My kids used to watch Bizarre Foods with Andrew Zimmern and it occurred to me, everywhere he went, they had street food. He would talk about people taking their lunch break coming out to grab street food. I see, so you mean in Thailand they are not brown bagging their lunch? Eating leftovers from the previous day’s dinner? Forcing down a wilted, pre-made gas station salad? No, they are buying hot food from a guy cooking on the sidewalk. Oh but we’re gluttons for doing it here. I wish we had chicken skewers on the street instead of McD’s, but be real. Busy people everywhere have to eat. Only puritanical Americans insist on eating crap that makes you want to give up living.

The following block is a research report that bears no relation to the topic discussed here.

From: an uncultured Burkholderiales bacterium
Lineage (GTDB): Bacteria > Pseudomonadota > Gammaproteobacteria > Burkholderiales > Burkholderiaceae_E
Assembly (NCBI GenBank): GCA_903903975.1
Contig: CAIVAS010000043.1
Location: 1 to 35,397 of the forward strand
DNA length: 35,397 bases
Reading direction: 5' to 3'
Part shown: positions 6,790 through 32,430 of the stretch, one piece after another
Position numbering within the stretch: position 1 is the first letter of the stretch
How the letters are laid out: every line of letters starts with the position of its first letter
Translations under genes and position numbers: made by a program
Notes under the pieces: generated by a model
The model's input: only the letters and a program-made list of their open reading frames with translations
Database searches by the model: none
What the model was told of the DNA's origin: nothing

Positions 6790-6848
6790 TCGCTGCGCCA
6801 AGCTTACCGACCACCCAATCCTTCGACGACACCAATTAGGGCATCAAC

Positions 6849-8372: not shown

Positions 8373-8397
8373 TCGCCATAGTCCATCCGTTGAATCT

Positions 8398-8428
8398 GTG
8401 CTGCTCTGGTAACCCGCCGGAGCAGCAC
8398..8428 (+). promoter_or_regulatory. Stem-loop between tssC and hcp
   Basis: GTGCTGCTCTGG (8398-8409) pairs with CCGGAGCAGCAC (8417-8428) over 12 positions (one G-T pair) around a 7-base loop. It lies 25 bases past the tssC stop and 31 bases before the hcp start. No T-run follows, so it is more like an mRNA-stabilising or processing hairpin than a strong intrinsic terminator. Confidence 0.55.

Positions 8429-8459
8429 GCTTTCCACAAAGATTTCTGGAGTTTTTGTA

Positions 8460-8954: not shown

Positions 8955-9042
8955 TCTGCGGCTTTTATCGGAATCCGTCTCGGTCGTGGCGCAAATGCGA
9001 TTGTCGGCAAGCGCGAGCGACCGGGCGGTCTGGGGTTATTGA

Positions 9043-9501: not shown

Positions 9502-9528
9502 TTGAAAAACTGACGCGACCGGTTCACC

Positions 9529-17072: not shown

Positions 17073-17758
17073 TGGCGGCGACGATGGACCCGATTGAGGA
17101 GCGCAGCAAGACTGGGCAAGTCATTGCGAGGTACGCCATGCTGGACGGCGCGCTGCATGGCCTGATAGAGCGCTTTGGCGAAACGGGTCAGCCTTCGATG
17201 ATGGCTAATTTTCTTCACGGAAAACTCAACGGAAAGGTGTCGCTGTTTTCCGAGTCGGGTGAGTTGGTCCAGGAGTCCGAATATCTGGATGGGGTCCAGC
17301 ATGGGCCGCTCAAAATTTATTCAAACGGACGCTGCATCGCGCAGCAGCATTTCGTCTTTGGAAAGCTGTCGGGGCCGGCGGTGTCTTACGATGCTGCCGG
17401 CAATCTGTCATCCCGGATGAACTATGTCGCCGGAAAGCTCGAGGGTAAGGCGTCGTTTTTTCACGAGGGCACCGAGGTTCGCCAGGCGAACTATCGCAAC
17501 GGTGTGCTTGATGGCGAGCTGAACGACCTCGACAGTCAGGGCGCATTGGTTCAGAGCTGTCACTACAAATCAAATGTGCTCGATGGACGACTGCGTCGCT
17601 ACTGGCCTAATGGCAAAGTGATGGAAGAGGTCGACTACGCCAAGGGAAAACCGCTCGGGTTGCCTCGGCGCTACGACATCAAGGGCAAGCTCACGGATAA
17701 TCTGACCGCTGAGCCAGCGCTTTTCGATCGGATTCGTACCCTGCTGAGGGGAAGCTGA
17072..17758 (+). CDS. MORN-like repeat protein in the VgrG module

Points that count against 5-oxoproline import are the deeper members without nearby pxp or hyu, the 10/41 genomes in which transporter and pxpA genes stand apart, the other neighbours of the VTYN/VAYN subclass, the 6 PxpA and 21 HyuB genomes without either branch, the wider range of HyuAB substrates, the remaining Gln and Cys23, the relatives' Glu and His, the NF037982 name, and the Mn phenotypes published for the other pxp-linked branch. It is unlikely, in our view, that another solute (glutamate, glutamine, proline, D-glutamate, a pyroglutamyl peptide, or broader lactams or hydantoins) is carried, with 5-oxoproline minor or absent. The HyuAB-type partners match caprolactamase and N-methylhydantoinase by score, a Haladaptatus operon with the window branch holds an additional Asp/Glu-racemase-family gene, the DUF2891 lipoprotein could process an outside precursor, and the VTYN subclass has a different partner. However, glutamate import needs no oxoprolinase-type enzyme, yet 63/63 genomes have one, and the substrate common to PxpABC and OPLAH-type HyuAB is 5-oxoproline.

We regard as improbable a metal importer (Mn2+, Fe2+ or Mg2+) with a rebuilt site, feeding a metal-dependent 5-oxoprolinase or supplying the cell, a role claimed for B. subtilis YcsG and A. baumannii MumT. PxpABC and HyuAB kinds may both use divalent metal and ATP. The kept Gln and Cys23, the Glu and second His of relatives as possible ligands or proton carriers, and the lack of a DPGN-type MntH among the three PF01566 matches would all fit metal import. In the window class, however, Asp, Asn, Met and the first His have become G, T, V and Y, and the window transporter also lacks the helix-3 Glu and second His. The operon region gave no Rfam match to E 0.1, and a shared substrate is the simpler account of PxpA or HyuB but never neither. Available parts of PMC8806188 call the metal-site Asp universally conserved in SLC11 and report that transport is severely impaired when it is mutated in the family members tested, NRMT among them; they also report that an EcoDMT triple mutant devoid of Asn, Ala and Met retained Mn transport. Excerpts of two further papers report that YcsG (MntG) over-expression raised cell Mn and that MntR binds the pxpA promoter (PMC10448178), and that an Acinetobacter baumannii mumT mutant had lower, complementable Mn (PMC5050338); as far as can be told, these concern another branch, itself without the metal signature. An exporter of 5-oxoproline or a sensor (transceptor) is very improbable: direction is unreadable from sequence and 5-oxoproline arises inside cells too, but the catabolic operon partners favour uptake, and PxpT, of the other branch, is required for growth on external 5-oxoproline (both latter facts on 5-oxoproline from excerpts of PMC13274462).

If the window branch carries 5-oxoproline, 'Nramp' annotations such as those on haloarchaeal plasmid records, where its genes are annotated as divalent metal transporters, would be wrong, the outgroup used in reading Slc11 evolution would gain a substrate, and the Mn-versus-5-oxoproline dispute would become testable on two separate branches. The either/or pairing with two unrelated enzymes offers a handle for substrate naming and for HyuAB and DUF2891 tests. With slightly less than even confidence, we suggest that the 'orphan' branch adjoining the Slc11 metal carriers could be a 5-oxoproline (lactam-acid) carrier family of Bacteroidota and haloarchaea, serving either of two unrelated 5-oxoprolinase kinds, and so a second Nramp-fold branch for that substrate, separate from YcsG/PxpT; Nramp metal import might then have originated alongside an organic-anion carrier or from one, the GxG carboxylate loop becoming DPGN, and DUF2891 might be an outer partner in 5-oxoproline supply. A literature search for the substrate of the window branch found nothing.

Gone are the days when a delicious home-cooked meal and a tidy home awaited the tired laborer after an honest day’s work. Nobody is home to clean the house or prepare the meal. Whereas mom of the 50s had all day to plan and prepare a meal, today’s mom (mostly moms, not 100% of course) has to not only work all day, pick up the kids from daycare, serve dinner, try to clean up the house, get the kids’ homework done, get everyone into bed, wash dishes, do some laundry – and then she also has to think of the next day’s dinner and prepare it partly so it can be tossed into the crock pot on the way out the door in the morning while she rounds up kids, tries to make some lunches, lets the dog out and in, takes out the trash, and gets to work hopefully on time. Where is dad in all this? Unfortunately in too many homes today there isn’t one. Including in mine.